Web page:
Outdoors exhibit. Tony Alfano is
listing all our un-catalogued documents in the rare books cabinets and soon they
WILL all be numbered and catalogued
received: two 1931 oil paintings, otherwise unidentified by Charles Vermoskie,
from Laurie Wolfe; two railroad maps (1915) of Stoughton RR line from Stoughton
Sq south toward North Easton, from Jim Little; 1898 Stoughton High School
Catalogue from Louise Starkowsky, 1953 Stoughton Phone Directory purchased from
ebay via Dave Lambert; a large collection of old post cards and photographs of
Stoughton and papers pertaining to the WWI service of Venazio and Batiste
Maraglia from Betty Maraglia. - Jack
acquired: a miniature pair of shoe
lasts and the full WWII Navy uniform with medals of Clyde Holmes from the Holmes
family; police handcuffs with key from the Maraglia family: a Kodak Instamatic
124 camera w/box from Tony and Jean Novello. – Hank Herbowy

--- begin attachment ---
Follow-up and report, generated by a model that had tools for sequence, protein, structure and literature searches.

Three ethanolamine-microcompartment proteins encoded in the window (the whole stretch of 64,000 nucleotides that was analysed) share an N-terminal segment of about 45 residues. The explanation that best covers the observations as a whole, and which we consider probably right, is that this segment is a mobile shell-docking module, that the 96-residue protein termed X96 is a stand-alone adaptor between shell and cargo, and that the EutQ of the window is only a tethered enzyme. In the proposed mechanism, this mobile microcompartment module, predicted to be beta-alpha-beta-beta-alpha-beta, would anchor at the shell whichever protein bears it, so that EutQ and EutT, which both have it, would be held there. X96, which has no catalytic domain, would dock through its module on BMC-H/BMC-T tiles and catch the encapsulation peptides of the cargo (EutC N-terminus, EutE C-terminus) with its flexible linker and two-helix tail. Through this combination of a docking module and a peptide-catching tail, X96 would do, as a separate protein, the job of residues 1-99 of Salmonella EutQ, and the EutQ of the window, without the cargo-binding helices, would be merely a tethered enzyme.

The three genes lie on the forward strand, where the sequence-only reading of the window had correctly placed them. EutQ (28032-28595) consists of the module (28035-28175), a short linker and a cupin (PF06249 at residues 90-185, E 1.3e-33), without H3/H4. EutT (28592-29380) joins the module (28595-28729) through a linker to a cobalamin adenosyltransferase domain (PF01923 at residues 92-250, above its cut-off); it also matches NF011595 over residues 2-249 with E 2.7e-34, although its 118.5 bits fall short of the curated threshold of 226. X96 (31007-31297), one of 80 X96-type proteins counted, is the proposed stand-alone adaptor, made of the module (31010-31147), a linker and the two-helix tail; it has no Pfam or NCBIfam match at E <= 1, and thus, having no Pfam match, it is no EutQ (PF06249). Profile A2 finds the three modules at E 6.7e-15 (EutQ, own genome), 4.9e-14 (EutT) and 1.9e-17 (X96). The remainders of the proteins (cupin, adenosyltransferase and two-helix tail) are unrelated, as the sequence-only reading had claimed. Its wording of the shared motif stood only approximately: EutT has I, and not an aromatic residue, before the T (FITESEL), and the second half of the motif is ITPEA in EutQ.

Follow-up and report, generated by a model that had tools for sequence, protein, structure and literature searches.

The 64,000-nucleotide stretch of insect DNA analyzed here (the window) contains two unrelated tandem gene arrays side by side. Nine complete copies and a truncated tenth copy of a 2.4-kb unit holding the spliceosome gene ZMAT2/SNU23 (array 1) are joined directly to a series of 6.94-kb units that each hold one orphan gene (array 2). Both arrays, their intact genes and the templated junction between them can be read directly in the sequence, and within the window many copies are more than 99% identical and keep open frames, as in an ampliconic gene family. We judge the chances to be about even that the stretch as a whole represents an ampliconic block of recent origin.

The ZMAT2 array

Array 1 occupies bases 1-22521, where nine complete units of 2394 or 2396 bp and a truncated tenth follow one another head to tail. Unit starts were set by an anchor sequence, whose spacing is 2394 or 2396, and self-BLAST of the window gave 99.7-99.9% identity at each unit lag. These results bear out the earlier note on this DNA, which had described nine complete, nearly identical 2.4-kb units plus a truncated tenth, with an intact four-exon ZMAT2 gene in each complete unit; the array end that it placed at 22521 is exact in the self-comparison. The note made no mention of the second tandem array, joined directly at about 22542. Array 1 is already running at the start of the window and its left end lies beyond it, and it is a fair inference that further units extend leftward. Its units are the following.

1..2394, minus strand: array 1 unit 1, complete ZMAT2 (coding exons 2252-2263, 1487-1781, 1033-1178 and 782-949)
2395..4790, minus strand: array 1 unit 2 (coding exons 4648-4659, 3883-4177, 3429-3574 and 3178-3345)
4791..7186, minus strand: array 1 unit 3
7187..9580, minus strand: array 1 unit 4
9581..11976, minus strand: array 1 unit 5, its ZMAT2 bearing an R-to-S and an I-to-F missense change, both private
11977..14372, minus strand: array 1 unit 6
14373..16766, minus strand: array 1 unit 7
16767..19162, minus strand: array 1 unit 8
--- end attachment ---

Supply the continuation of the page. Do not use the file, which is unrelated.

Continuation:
Curators Emily Guertin, Ruth McDonald and Joan O’ Hare
have placed on display the ski outfit recently donated by Janet Clough, which
was made for her by her mother Signe A Ostergard of Worcester in the winter of
1947-48. Also on display is a
woman’s riding outfit of faux suede and lined with satin, which was made by
Pat McGlaughlin and worn to the Bi-centennial Ball. A third display is a
two-piece walking suit, comprised of a 3/4 length green velour jacket with camas
backing and a green satin lining. and an A-line skirt,
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Calendar of Upcoming Events
Dinner (send in reservation form)
14 Yard Sale
at the Society
22 (tentative) Visit to Mary Baker Eddy House